The Shetland Islands once belonged to Norway, but later became part of a marriage agreement between a Scottish king and a Norwegian princess. Located about halfway between the two former kingdoms, there are over 100 islands with more than 900 miles of coastline. Come join me for a quick pictorial tour.
First, I apologize that there was such a long break between my posts on Norway and Scotland, but life gets in the way.
After touring on the Flam Railway, we crossed the North Sea to the Shetland Islands, which are part of Scotland. The islands are located at the northern tip of the United Kingdom.
We sailed into the port at Lerwick. They tell us that much of these port scenes are in the television series called “Shetland”.
First, we toured the islands by bus.
The islands are beautifully green as this is May. It is sparsely populated.
The road followed a ridge with sweeping views of the land to the sea below.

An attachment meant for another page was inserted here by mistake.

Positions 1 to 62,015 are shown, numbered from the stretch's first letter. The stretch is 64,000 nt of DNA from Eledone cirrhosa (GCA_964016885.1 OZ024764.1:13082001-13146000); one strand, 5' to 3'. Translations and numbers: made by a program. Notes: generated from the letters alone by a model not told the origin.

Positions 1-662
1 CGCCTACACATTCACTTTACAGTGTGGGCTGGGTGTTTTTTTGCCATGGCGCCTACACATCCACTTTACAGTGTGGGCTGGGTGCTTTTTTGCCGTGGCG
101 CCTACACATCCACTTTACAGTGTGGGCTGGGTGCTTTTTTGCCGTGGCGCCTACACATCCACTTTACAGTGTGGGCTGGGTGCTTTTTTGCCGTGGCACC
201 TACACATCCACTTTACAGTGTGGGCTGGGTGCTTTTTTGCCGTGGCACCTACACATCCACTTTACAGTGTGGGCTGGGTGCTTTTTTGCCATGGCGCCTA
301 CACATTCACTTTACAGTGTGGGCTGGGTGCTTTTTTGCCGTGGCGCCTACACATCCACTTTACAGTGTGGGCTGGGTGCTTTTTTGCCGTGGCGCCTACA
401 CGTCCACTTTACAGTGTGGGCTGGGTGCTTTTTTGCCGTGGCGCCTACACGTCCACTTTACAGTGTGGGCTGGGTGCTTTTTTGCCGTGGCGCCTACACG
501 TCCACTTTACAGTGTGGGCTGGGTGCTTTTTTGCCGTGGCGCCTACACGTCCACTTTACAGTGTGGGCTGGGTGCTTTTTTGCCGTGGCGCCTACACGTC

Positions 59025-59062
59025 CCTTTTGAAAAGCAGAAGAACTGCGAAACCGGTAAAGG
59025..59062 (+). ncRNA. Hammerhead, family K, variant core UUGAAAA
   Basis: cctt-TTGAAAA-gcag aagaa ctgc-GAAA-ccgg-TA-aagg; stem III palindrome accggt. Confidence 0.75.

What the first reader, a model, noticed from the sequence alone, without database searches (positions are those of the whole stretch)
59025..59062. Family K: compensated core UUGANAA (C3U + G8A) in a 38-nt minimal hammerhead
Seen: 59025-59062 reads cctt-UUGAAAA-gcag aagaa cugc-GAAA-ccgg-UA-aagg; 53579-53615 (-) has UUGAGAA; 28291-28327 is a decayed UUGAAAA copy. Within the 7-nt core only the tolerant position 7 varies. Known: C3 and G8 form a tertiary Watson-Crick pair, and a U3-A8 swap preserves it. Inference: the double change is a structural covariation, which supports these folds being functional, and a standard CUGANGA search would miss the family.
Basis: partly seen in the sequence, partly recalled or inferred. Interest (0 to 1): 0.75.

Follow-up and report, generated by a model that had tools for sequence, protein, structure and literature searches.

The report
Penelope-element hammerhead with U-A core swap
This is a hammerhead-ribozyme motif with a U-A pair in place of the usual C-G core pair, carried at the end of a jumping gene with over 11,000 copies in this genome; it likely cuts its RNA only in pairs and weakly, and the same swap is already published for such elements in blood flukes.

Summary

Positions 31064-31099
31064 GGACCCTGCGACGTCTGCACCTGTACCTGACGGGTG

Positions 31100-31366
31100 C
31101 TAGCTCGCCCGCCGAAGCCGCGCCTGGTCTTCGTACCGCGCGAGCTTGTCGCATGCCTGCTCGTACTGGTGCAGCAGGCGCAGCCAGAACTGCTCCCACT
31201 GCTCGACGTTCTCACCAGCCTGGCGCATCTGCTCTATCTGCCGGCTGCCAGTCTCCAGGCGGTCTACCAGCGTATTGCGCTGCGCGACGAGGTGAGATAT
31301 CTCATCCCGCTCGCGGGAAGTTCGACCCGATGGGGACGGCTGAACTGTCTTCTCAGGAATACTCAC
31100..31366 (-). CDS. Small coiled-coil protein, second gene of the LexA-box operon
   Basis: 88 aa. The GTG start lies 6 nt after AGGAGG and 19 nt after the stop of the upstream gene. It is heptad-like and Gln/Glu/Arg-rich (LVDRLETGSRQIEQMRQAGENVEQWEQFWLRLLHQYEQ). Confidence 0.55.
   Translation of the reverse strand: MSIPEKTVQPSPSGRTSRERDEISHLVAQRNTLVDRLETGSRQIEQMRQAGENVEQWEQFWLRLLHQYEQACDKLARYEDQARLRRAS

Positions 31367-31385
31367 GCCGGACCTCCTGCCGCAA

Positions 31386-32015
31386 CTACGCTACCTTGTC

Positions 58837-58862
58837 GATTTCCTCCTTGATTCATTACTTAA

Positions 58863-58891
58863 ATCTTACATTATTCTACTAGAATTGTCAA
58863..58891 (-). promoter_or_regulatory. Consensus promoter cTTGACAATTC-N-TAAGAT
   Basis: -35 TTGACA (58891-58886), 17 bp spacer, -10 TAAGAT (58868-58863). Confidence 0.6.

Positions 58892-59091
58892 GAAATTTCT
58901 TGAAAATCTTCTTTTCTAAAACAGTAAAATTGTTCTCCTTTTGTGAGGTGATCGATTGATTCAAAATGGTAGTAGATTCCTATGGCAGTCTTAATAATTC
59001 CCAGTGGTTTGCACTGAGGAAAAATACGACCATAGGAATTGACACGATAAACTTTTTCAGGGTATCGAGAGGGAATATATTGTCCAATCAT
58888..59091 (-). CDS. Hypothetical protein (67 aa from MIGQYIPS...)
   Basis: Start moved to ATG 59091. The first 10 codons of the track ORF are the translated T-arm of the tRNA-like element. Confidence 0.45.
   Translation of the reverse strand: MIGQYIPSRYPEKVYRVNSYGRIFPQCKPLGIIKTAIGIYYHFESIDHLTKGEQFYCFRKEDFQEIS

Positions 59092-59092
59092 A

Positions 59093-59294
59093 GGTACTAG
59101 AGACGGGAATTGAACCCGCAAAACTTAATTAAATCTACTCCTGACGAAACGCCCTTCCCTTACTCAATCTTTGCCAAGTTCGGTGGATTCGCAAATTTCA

Agriculture appears to be their primary economy.
We did finally get to see their most famous residents, the Shetland ponies. If you’ve ever owned one, then you know that they are not the most pleasant horse species.
We stopped at an overlook to view this cove.
It was a cove with sunning seals.
The Celtic language is a language all its own. For example, a tower is called a broch.
There are many brochs in Scotland.
The temperature today, even in the sun, did not rise over 53°. The morning was quite cool, especially with the cloud cover and wind. Layered clothing helped.
In the afternoon we visited a site called Jarlshof. Jarlshof is a 4000 year old village by the sea.
We first toured the oldest part, which was about 4000 years old. Their houses were round.
There were even pathways between their homes.
Then we toured a newer part of the settlement that the Vikings left behind.
The Viking homes were rectangular in shape.
Also built at this site was a more up-to-date Laird’s home.
All ruins though as each settlement was built on top of the last.
Can you imagine what it was like when someone looked out this window and saw a Viking ship? Actually, this is a door. I guess they were a much shorter people.